Real-World Strategies to Treat Hypertension Associated with Pediatric Obesity

  • Edem BinkaEmail author
  • Tammy M. Brady
Hypertension and Metabolic Syndrome (John Sperati, Section Editor)
Part of the following topical collections:
  1. Topical Collection on Hypertension and Metabolic Syndrome


Purpose of Review

To review the most recent literature on current strategies for the treatment of hypertension associated with pediatric obesity.

Recent Findings

Over the last three decades, childhood and adolescent overweight and obesity prevalence in the USA has continued to rise. Unsurprisingly but rather disturbingly, this rising prevalence has been paralleled by an increase in cardiovascular disease (CVD) risk factors in childhood such as hypertension, dyslipidemia, and diabetes that become manifest earlier than previously reported. These childhood CVD risk factors are not only associated with target organ damage in childhood but also track into adulthood, increasing the risk of long-term CVD morbidity and mortality.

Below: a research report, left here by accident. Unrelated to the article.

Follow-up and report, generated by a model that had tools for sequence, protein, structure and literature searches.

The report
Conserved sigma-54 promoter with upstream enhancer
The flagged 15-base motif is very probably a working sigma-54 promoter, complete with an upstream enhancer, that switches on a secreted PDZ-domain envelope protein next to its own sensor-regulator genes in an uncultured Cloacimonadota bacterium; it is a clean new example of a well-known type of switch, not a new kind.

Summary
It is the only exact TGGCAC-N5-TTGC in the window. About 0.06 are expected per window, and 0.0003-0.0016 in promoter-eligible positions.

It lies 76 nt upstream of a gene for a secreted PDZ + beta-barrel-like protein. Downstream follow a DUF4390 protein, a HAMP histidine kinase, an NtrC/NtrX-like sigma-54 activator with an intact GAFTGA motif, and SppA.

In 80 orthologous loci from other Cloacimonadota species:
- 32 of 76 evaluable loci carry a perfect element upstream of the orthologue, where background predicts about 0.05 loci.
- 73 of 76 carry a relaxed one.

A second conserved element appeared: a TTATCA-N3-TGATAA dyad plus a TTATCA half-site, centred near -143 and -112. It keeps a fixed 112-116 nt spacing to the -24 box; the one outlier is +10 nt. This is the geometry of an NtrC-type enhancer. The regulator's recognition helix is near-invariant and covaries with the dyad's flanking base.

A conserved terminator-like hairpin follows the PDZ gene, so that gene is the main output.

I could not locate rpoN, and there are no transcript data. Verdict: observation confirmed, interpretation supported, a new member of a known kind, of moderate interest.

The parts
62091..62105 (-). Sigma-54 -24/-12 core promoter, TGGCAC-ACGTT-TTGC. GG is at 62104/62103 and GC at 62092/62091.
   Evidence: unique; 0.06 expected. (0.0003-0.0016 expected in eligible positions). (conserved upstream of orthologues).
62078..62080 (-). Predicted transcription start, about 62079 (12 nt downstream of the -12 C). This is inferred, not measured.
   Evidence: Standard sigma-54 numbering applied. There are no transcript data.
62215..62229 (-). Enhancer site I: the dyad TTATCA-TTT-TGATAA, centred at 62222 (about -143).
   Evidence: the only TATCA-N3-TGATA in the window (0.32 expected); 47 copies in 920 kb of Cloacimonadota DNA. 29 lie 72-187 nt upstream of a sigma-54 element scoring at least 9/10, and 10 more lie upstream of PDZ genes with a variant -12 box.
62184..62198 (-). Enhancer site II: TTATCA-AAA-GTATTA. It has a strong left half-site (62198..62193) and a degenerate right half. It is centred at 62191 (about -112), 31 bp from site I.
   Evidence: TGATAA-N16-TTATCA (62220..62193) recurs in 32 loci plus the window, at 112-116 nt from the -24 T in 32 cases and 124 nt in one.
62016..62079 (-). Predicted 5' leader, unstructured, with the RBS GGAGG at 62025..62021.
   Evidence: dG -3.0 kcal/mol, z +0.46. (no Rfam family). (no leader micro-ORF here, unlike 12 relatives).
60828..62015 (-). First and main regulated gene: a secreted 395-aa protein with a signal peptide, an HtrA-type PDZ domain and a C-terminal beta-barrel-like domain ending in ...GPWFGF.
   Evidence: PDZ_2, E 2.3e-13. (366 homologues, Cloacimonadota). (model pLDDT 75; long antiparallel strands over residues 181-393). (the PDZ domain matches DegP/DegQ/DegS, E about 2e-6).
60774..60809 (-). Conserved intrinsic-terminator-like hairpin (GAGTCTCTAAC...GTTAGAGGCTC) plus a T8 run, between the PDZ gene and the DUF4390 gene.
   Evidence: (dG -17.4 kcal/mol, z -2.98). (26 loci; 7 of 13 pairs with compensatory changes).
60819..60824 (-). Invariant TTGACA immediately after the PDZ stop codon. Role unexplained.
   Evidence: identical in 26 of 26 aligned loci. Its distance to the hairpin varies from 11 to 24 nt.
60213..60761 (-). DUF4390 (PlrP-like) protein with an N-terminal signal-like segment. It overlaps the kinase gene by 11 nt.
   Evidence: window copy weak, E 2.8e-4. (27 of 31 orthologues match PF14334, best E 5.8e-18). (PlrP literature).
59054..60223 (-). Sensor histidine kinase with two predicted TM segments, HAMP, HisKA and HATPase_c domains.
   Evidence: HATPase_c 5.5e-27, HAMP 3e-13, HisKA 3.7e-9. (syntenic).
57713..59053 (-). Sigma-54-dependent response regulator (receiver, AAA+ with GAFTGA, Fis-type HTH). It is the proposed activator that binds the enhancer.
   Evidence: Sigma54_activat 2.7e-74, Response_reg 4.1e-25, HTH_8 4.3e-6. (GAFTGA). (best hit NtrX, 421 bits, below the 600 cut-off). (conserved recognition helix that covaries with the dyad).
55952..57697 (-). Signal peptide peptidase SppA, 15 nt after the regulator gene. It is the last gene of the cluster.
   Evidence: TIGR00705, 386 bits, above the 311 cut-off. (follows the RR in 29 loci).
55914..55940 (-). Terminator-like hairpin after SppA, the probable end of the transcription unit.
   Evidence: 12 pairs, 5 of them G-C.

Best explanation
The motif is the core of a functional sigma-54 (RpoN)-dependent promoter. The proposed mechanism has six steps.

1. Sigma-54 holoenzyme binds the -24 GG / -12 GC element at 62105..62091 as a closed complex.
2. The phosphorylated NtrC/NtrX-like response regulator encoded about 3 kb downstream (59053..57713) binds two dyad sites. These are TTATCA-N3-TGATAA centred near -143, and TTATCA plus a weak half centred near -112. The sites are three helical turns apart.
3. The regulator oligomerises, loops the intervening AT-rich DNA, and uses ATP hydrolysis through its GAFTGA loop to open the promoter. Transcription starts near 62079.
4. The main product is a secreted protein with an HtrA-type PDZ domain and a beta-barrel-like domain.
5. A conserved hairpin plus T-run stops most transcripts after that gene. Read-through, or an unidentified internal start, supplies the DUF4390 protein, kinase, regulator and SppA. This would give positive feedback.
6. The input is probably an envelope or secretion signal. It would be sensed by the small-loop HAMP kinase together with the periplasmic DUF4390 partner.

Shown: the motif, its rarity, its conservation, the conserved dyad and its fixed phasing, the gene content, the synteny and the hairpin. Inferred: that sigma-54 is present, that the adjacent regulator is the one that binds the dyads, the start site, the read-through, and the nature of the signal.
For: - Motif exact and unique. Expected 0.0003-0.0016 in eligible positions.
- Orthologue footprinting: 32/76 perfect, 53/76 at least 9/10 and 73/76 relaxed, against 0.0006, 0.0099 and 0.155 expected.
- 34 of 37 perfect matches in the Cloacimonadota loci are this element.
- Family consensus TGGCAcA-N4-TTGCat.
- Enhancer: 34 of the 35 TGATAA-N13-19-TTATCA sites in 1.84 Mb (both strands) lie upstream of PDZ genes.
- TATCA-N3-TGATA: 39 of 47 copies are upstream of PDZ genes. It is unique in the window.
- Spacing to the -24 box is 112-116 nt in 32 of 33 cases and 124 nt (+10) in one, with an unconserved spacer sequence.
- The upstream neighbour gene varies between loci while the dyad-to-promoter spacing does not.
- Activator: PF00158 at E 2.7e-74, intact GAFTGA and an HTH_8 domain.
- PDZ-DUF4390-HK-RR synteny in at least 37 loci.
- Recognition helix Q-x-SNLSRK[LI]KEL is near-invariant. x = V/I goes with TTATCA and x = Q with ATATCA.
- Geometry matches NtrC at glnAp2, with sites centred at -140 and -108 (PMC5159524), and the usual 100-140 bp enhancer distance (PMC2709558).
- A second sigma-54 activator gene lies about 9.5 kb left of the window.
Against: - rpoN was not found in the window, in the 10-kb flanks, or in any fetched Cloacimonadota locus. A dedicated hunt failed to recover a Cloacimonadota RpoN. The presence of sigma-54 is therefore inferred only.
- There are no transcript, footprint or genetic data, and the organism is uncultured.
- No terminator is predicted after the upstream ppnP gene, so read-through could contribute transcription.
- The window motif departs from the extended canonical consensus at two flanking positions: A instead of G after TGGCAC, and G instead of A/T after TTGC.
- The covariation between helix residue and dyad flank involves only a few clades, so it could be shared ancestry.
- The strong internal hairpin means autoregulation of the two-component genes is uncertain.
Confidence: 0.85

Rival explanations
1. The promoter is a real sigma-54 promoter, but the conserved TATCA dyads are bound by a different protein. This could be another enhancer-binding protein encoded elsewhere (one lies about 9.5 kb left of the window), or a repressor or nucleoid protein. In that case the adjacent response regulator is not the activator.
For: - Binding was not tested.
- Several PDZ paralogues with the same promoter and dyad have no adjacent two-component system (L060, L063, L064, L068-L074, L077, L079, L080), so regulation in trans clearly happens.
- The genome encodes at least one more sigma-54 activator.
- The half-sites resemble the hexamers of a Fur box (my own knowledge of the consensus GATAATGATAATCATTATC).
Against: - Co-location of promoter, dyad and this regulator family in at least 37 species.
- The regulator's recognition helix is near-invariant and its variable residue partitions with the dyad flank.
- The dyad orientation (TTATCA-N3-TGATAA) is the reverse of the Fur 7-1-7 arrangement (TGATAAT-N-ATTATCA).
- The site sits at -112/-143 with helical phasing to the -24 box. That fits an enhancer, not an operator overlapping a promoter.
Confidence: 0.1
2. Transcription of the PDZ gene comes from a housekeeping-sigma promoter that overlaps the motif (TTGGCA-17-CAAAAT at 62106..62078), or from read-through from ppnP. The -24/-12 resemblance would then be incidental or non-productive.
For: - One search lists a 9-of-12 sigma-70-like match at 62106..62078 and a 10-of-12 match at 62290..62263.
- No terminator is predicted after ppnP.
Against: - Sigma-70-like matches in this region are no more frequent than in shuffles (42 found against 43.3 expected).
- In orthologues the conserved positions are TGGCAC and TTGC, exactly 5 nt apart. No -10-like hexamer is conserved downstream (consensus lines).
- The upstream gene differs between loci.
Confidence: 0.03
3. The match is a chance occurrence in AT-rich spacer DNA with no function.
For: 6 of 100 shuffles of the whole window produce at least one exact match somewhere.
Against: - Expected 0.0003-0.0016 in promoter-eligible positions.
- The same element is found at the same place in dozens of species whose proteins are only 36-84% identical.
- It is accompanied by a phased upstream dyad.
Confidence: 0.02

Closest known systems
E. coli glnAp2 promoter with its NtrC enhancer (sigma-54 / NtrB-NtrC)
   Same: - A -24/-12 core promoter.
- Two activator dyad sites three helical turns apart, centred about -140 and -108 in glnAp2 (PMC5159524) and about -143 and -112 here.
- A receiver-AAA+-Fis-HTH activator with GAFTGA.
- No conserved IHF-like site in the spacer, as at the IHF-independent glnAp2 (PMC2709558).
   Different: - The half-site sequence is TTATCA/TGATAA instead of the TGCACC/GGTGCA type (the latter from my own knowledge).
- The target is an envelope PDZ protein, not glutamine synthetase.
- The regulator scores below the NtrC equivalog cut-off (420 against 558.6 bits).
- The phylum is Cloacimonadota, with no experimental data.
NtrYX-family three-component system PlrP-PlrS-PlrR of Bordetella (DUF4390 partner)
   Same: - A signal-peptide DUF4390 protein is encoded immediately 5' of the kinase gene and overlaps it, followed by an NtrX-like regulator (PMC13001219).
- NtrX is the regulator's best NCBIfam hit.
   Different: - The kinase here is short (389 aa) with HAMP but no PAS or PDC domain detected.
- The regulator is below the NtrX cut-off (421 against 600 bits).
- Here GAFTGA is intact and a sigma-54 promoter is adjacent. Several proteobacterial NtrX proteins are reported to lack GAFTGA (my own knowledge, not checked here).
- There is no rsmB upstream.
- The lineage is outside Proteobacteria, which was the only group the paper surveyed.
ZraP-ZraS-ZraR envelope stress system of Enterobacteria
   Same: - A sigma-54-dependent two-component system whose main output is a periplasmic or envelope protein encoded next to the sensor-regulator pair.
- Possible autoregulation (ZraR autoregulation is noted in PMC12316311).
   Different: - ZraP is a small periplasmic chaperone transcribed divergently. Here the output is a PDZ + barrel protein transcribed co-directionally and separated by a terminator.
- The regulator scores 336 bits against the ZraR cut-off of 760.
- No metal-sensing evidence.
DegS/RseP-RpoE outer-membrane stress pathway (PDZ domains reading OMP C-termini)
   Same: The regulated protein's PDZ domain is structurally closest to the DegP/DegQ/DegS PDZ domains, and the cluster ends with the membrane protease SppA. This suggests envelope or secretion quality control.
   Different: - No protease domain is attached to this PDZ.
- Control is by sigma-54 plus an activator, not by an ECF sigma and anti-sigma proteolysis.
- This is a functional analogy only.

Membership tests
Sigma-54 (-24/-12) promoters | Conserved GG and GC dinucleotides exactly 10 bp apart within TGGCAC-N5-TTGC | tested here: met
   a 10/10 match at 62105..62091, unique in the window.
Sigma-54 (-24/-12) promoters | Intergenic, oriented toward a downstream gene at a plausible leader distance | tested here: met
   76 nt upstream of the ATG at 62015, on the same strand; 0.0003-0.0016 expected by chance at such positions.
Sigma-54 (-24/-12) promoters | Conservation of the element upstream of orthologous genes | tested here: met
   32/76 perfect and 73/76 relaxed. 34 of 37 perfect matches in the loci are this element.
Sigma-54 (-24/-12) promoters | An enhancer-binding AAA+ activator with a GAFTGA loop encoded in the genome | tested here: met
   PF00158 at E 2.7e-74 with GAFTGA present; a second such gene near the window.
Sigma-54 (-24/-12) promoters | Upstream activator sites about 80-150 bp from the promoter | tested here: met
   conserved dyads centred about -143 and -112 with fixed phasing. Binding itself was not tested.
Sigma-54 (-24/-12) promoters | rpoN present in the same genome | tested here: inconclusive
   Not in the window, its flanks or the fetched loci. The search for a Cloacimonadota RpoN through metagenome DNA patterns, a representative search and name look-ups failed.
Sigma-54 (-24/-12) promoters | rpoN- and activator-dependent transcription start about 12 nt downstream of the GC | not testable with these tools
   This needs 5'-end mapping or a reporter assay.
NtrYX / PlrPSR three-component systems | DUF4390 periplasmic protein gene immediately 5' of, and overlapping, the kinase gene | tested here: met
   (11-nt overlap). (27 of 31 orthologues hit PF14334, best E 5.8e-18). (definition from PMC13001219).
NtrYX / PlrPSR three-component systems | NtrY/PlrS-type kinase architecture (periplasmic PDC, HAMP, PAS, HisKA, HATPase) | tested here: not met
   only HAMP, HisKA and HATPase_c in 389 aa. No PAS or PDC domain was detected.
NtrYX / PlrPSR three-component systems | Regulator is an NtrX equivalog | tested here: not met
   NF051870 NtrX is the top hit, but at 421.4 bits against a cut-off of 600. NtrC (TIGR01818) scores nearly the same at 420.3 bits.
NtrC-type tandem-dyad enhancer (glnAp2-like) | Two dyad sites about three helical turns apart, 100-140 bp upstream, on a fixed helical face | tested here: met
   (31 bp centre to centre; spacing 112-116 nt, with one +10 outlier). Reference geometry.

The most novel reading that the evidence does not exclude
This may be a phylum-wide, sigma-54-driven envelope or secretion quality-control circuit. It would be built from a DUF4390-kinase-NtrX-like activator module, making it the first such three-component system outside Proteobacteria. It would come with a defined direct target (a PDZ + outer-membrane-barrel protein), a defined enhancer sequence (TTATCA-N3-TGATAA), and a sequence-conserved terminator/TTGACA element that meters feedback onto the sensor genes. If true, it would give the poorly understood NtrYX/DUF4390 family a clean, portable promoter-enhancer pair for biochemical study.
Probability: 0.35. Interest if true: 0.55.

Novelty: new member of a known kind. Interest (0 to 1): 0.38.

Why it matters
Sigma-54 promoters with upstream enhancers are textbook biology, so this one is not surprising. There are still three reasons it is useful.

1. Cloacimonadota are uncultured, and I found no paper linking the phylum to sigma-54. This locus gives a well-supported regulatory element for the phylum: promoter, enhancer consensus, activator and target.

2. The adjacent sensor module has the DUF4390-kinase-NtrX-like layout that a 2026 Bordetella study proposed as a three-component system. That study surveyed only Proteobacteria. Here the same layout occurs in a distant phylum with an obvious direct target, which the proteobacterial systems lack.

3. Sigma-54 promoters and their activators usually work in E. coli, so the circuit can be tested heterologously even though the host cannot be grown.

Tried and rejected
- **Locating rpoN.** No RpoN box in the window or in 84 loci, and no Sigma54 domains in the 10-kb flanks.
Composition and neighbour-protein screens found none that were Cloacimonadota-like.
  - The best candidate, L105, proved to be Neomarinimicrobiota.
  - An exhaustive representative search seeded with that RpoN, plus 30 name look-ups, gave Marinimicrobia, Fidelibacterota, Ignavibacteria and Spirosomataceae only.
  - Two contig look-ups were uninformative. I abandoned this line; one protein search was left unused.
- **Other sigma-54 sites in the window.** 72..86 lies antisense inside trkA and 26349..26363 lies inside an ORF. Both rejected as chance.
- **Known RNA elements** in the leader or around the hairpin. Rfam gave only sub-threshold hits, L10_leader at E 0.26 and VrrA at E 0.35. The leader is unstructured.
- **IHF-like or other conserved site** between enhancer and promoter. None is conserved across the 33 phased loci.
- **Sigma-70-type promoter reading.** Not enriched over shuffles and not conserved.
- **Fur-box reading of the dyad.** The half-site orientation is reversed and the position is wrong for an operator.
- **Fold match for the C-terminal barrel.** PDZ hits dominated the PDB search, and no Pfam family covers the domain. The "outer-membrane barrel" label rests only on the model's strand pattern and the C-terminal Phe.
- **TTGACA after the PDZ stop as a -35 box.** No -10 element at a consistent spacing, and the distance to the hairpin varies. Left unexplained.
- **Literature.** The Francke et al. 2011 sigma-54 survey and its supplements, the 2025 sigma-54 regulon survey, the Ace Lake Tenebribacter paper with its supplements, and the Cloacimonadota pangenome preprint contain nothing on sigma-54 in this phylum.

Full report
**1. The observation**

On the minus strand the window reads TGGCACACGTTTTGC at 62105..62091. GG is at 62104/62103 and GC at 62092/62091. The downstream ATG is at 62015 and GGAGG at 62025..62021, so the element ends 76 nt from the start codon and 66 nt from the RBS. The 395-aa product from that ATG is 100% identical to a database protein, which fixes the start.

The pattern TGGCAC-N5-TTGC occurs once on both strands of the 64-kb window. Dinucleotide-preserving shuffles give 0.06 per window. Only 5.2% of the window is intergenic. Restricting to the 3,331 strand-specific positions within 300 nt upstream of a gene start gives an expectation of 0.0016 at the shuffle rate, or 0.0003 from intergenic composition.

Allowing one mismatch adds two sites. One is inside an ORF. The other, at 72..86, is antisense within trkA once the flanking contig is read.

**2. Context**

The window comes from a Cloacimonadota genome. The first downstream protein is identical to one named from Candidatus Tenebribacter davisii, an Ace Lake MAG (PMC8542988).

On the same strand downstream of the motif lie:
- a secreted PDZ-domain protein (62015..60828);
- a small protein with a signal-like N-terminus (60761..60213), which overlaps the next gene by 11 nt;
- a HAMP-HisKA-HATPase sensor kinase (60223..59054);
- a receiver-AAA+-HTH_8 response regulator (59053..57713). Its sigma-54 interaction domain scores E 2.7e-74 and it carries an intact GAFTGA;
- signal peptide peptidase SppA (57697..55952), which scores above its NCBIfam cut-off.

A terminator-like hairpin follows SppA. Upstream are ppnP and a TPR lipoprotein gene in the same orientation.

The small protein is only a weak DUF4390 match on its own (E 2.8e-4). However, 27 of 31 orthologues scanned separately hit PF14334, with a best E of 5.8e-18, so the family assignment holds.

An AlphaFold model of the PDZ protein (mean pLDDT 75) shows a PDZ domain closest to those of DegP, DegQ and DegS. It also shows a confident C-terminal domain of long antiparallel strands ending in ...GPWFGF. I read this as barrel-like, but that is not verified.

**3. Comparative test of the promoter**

There have been several mechanisms proposed to explain the role of obesity on the development of hypertension in childhood. However, central to the management of obesity-related hypertension is a multifaceted approach targeting lifestyle modifications and weight loss. Effective treatment often also requires a pharmacologic approach and rarely bariatric surgery.


Obesity Adiposity Blood pressure Hypertension Cardiovascular disease risk factors Weight management Lifestyle modifications Pharmacotherapy 


Compliance with Ethics Guidelines

Conflict of Interest

Dr. Brady reports grants from NIH/NHLBI, grants from NIH/NIMH, grants from AHRQ, and grants from RESOLVE to Save Lives, during the conduct of the study. Dr. Binka reports grants from NIH/NHLBI during the conduct of the study.

Human and Animal Rights and Informed Consent

This article does not contain any studies with human or animal subjects performed by any of the authors.


Papers of particular interest, published recently, have been highlighted as: • Of importance •• Of major importance

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Copyright information

© Springer Science+Business Media, LLC, part of Springer Nature 2019

Authors and Affiliations

  1. 1.Pediatric CardiologyJohns Hopkins University, Bloomberg Children’s CenterBaltimoreUSA
  2. 2.Division of Pediatric NephrologyJohns Hopkins UniversityBaltimoreUSA

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